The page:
By: Jolene Roehlkepartain
Back when my son wanted an iPod, I thought he was going to drive me crazy. So, we sat down and talked through how he could do projects around our home to gradually save up for an iPod. I thought our meeting went well, but as soon as I turned my back, there he was again. Pushing. For an iPod. Again.
“What can I do first?” he asked.I gave him a task to do, which he completed much quicker than I could ever imagine.
“What’s next, Mom?”
I took him back to the first task and showed him how it didn’t meet my criteria for completion. He then began to whine and complain and howl about how he would never get an iPod.
- Are you in the same predicament? What to do when your child wants a new electronic gadget >
Your kid might not believe you when you say it, but even adults “get it”. It’s hard to wait for something you want. It’s even harder when you discover that the wait will be longer than you first thought.
Yet sometimes our logic (and personal experience) doesn’t always guarantee parenting success, at least not right away.
“What else can I do, Mom?”
My son was focused on getting that iPod and nothing else.
So for the next six, agonizing months (both for me and my son), he gradually (and loudly) worked toward getting his iPod. I don’t think he realized how happy I was when he finally earned enough money to buy the thing.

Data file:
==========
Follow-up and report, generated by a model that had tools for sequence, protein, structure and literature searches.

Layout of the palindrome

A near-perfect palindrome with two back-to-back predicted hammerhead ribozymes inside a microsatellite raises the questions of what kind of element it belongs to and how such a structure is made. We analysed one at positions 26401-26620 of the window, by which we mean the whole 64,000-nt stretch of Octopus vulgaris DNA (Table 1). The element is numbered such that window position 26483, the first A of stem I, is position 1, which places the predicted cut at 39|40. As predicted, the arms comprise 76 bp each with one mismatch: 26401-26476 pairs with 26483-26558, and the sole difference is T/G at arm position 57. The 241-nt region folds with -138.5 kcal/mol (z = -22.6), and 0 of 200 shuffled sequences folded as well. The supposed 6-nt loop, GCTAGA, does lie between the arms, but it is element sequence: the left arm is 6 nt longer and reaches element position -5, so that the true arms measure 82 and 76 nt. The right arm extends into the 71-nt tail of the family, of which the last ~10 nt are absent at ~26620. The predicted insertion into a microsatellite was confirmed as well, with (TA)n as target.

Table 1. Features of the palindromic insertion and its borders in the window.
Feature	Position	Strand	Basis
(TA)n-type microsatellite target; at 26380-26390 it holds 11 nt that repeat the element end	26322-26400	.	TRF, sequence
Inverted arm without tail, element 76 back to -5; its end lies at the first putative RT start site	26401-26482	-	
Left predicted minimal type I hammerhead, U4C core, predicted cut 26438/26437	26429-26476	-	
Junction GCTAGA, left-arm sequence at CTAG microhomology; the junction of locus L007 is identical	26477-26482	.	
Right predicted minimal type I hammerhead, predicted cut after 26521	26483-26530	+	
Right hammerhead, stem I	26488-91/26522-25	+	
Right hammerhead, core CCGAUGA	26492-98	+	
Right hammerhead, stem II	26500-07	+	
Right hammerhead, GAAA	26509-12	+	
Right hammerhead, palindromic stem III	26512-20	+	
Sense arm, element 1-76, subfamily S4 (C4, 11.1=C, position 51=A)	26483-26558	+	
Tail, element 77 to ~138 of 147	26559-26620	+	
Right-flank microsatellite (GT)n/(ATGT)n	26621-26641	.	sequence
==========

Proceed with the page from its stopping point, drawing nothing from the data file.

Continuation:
Lesson: Science makes parenting difficult.
The child/teenage brain is impulsive. As a parent, we need to work with our kids to teach them how to wait, how to be patient, and how to not act impulsively all the time.
This is not easy for a parent.
Solution: Be Patient. Stand firm. Hold on!
Yet, it’s something we need to keep teaching our kids. We need to be the watchful eyes and anticipate when our kids could possibly get into a mess because of acting impulsively. When I saw one of my kids place a ladder next to the garage near a blanket on the ground and then climb to the top of the garage, I ran out there as fast as I could. A blanket was not going to make a soft landing.
Fortunately, that was one impulsive act I was able to stop. There have been others where there have been consequences (getting into debt, getting an F on a test after making the impulsive decision to play video games instead of study). I can go on for hours.
Even now, with parenting a high school student and college student, I’m still teaching them how to slow down, think things through before acting, and give that impulsive brain a rest.
When all else fails. Just hold on for the ride. It also helps to have a sense of humor ; )
Sometimes my kids tell me horror stories about the things they’ve seen their impulsive classmates do. I try to look on the bright side. The fact that my kids tell me these stories about how their peers are impulsive shows me that they are paying attention—even when it doesn’t seem like it.
Tell us about a time your child acted impulsively. How did you deal with it?
1. Peter Benson, Peter Scales, Nancy Leffert, and Eugene Roehlkepartain A Fragile Foundation: The State of Developmental Assets among American Youth (Minneapolis: Search Institute, 1999).
2. Image via Tyler-Adams on Flick’r.